How Arian Lewis founded Kiln

How Arian Lewis founded Kiln

Time to start from scratch

After four and a half years and many nights away from my family, I began to consider what the next steps in my career should be. At this point, our family had moved from London to Connecticut, where I would commute to Manhattan or JFK Airport for flights to our international locations. During these years, my kids had grown and changed. We welcomed our fourth child, a daughter, who was born in London. 

From the start of my time at Barclays, I had an inkling that my time there would lead me to start my own company. It became clear through the process of building Rise that I was genuinely passionate about coworking and working with startups. I was thriving and had a knack for the detail of building physical environments and creating communities. I also had a good grasp of the financial model behind coworking and learned how to identify and launch locations. 

With the encouragement of some close friends and family and wholehearted support from Jill, I decided to leave Barclays and start Kiln. I structured a six-month hand-off plan, and we moved from Connecticut to Utah as a family. 

I selected two locations in Utah, and with the help of a trusted mentor and family member, I raised a seed round to launch the company with two locations in Salt Lake and Lehi. It was a classmate from Oxford who led the initial investment. As soon as the capital was raised, I called Leigh. 

Leigh had been designing coworking locations for the better part of a decade, and we had worked closely together to develop Rise. I bribed him with skiing and adventures in the mountains and was thrilled when he agreed to lead our design efforts. We are two very different people, but we share a passion for coworking and a mutual appreciation of one another’s strengths and differences. 

Our first project was designing a kit of parts and a paneling system to enable the setup of a prototype location, which was originally 20,000 square feet filled in just under three months. We began to build a team, and our world started to grow. 

Simultaneously, we worked on converting an old arcade and sports bar in Salt Lake (30,000 square feet) and a new office building in Lehi, Utah (48,000 square feet). By the end of 2019, we had two locations, a team of 12 and over 1,000 members in Utah. Our sites were full, and the network and brand were coming to life.

When the pandemic hit in early 2020, we were full in Lehi and Salt Lake City. We had more sites under development, including Park City, Utah and Boulder, Colorado—we were in the middle of building Boulder when the pandemic hit. For a time, things came to a grinding halt. 

We immediately saw revenues drop, and it was clear that the pandemic was going to challenge the survival of our business. We were determined to do whatever we could to stay open and not lay off any of our team. In the U.S., over 800 coworking spaces went out of business, but we managed to keep the doors open.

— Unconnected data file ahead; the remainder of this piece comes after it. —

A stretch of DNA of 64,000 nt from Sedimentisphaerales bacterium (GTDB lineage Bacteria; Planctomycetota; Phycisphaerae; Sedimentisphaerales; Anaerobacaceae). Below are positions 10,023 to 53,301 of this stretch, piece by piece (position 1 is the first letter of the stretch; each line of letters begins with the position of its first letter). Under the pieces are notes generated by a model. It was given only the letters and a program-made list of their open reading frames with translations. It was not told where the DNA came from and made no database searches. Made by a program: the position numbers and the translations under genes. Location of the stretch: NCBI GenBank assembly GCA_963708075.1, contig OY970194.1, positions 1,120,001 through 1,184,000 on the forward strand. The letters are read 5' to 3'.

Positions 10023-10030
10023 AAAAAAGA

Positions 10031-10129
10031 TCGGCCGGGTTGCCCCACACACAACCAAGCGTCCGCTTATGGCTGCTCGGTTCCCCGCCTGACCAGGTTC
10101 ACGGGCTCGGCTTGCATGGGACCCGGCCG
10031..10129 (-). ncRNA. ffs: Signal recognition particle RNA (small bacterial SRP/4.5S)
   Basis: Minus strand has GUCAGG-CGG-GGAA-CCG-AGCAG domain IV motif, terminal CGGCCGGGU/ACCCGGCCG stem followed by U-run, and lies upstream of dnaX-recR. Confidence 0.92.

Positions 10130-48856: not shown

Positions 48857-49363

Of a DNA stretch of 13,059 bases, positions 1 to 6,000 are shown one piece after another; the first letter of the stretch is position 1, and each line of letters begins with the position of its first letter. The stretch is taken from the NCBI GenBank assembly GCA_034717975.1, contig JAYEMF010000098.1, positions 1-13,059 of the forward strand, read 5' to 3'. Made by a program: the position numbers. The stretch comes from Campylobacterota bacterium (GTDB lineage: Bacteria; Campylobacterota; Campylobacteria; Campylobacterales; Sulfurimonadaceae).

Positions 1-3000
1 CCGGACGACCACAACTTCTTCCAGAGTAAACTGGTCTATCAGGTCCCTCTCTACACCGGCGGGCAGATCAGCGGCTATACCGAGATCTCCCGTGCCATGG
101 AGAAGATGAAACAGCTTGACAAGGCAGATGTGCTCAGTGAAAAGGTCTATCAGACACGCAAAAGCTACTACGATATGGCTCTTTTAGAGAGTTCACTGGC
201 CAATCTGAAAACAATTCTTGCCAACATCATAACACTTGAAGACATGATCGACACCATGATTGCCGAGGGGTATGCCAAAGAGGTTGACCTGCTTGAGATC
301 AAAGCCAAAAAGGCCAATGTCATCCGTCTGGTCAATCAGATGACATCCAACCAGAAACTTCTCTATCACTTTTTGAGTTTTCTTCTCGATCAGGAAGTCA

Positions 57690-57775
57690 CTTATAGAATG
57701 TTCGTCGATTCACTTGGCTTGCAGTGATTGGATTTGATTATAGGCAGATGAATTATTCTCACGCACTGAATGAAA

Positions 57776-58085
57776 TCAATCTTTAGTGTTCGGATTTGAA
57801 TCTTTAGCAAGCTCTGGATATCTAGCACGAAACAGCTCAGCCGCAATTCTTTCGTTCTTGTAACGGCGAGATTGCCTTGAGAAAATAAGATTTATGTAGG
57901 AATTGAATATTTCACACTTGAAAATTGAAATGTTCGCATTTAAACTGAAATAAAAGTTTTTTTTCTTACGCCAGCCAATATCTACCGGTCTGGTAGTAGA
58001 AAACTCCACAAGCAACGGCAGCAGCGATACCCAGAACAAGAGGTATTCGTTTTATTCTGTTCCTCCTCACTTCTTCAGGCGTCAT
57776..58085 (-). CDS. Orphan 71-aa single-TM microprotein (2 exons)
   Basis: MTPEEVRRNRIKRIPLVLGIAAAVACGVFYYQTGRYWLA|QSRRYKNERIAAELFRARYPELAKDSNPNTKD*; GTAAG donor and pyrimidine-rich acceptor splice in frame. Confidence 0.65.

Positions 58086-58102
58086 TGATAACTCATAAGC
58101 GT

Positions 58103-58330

One of our values as a team is to “be scrappy and ingenious,” and we really leaned into that during the pandemic. We cut our own salaries and cut back spending, but we never missed a committed payment, nor did we lay off any of our team. It was challenging and stressful, but we got through it and learned important lessons. 

The adage “what doesn’t kill you makes you stronger” was true about the pandemic. Its impact on the future of work has been dramatic, and demand has shifted to favor flex offices. Over the last year and a half, we’ve launched locations in Meridian, Idaho, and a large expansion in Salt Lake City. Our Boulder, Colorado location has done very well, and we have waiting lists in several locations. 

In the fall of 2022, we acquired a coworking brand out of California called BLOC, bringing our brand to the beach with locations in Leucadia, Carlsbad and Encinitas. We also have locations under development in St. George, Provo, Portland, Arizona and more. 

A critical point of progress over the past 18 months has been the new talent and leadership which has joined our company. We now have strength at every level of the company, and the culture and momentum have only improved. 

The story of Kiln is now about passionate and talented individuals who are “collectively capable of things we cannot imagine.” Together, we have what it takes and are powered by a shared vision for elevating the quality of life while at work. 

I care deeply about our team and how we are creating an environment where everyone can belong. Leigh continues to push forward our design and carefully curate each element of the environment. Our entire team is committed to raising the standard of what we deliver. 

Kiln is admired for our level of care and creativity. Every day, we are seeing progress across a number of fronts. Our members recognize the value we are building for them and share our passion for community and progress. In so many ways, things have turned out better than I had ever imagined, and in other ways, I see how far we have yet to go. Overall, I feel a tremendous sense of gratitude and a steady enthusiasm for the path ahead.

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